Sep 22, 2017 In addition to the core apps being rewritten in 64-bit mode, Snow Leopard introduced Grand Central Dispatch, which made writing and running multithreaded applications easier and more efficient. This meant that apps could ramp up more threads when needed, and scale back quickly when the extra power wasn’t needed. This pages assigns grades to applications based on how well they make use of multiple CPU cores on Mac OS X 10.6.4. See How To Choose A Mac for more on considerations in this area. These ratings prepared in 2010; some have improved, some have not, the principle remains the same. (figures from 2010). Do your own testing of current apps.
The new Mac Pro features a potential breakthrough in Mac OS X OpenGL performance that could dramatically enhance the speed of 3-D graphics—provided developers tap into it.
Now the questions are: will developers use this technology? And when will it be available to the rest of the platform?
OpenGL is the 3-D application programming interface (API) long favored by Apple. A foundation technology for Mac OS X, it’s leveraged in everything from video games to 3-D modeling applications like Maya. It’s also used extensively in Mac OS X v10.4 “Tiger” as part of the operating system’s Core Image technology, which has been used to build a variety of third-party applications. Even Motion, Apple’s pro motion graphics application, leverages it.
Mac OS X has long been recognized as a chronic underperformer in 3-D graphics speed compared to Windows. This difference became acutely obvious when Macs running Boot Camp showed stark differences in frame rate benchmarks running the same games in Mac OS X and Windows XP.
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All new Macs except for the low-end Mac mini ship with dual-core chips— CPUs that essentially combine the performance of two microprocessors in one. And beginning with the Mac Pro, OpenGL supports multithreading, which enables those multiple processing cores to divide up the work of processing graphics.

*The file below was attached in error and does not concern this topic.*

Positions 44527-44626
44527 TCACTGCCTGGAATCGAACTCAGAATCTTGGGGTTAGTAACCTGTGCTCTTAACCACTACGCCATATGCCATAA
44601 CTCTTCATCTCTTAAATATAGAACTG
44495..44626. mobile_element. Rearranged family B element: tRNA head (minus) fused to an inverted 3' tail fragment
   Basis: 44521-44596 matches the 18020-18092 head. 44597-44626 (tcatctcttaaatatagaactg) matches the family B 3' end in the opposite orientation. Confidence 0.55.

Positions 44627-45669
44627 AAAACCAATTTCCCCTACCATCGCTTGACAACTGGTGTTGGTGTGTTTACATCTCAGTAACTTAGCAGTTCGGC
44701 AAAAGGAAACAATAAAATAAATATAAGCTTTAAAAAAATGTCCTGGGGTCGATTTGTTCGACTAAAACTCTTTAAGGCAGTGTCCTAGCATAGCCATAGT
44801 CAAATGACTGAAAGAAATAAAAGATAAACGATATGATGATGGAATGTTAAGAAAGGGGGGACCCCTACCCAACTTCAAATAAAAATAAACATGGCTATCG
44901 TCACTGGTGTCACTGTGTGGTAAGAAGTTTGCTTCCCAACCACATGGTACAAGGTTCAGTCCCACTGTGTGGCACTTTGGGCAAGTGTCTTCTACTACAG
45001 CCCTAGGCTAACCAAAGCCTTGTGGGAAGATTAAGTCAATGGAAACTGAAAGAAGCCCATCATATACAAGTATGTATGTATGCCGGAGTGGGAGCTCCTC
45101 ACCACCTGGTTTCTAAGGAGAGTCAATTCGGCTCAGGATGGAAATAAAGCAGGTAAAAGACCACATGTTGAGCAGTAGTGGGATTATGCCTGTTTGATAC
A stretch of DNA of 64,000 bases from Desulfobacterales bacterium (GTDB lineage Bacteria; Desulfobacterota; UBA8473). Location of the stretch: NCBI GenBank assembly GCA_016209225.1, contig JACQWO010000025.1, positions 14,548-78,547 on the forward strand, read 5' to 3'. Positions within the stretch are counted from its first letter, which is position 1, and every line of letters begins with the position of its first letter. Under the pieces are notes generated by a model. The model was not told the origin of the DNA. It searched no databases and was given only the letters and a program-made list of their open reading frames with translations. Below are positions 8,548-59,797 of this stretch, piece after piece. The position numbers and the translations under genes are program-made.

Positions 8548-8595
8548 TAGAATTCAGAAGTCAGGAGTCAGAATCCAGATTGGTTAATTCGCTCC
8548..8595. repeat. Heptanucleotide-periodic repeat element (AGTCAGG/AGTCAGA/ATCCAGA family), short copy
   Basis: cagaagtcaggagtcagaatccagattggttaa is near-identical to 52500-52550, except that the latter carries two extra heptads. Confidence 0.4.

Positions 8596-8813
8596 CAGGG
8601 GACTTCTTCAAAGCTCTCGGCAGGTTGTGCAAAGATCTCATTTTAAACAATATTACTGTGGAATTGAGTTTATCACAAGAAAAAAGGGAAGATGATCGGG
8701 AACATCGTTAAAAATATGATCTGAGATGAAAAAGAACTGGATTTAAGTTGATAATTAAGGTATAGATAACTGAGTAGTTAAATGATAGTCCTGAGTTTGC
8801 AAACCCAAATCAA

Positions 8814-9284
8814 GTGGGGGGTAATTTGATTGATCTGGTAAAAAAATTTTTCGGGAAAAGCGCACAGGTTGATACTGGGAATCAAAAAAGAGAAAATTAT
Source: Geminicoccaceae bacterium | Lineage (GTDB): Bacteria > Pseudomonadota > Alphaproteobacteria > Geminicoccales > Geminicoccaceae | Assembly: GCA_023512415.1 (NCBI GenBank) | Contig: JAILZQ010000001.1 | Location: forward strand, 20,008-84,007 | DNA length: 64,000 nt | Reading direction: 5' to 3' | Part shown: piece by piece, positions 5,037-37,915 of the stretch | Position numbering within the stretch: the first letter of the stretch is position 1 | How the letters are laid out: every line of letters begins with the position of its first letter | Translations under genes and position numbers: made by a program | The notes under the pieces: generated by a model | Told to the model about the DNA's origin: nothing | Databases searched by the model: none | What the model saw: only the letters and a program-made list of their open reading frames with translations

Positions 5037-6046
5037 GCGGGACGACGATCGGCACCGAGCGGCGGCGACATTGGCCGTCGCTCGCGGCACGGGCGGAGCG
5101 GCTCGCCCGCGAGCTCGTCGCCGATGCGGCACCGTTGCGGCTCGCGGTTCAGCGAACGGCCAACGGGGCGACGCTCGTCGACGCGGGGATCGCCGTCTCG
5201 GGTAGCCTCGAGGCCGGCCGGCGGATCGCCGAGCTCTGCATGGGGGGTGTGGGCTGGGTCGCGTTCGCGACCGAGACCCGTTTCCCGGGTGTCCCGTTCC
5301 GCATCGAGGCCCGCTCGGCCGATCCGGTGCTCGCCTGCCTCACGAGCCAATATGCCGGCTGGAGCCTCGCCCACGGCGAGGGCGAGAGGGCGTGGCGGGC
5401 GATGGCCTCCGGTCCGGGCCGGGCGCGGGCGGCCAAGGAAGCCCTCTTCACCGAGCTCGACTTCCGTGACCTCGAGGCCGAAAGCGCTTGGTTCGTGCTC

How can that be, since, multicore processors and multiple processors aside, there’s still just a single graphics processor on a Mac Pro? Because Mac CPUs still spend quite a bit of time helping OpenGL process information. So by offloading OpenGL to multiple threads, the Mac’s CPU—or CPUs , it the case of the two-chip Mac Pro—can process OpenGL that much quicker. In other words, multithreading reduces the CPU’s “bottlenecking” of OpenGL performance.
The difference in performance for applications that support multithreading in OpenGL can be dramatic, according to early reports. There are two important caveats, however. First, Apple is offering this as an “opt-in” technology for developers. And second, multithreaded OpenGL is limited specifically to the Mac Pro.
It’s up to game and 3-D application developers to specifically support this feature. Why? Sources tell Macworld that depending on how the application works, it may have to be tweaked or massaged in order to work right with a multithreaded OpenGL implementation. And Apple would rather not break a core operating system technology, for obvious reasons. So the company is giving developers the choice of working with multithreaded OpenGL.
Glenda Adams, director of development for Aspyr, said, “We are very interested in testing with it and seeing which games make sense to enable support for it. For the games that are very graphics bound it could give us some very nice frame rate boosts.”
That also probably explains why our initial tests of a standard-configuration Mac Pro have yielded significant but not earth-shattering 3-D software and game performance improvements. The applications we’ve tested haven’t activated OpenGL multithreading. At least not yet.
Apple confirms that the Mac Pro supports this feature. “With the introduction of the new Mac Pro, the fastest Mac ever, Apple has delivered a multi-threaded update to OpenGL, the industry standard graphics architecture at the core of Mac OS X,” an Apple spokesperson said. Alas, Apple wouldn’t confirm when the general operating system will gain this enhancement.
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The Mac Pro itself ships with Mac OS X 10.4.7, so multithreaded OpenGL appears to be something unique to the version of Tiger built to work on the Mac Pro. Could multithreaded OpenGL come to a future Tiger release? It’s entirely possible, though it’s equally possible that Apple may withhold this for Leopard instead.
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But at this point, that’s just speculation. Apple, for its part, is mum on the subject. As you probably know, the company doesn’t talk about future product plans, and despite multithreaded OpenGL’s initial release on the Mac Pro, this is no exception.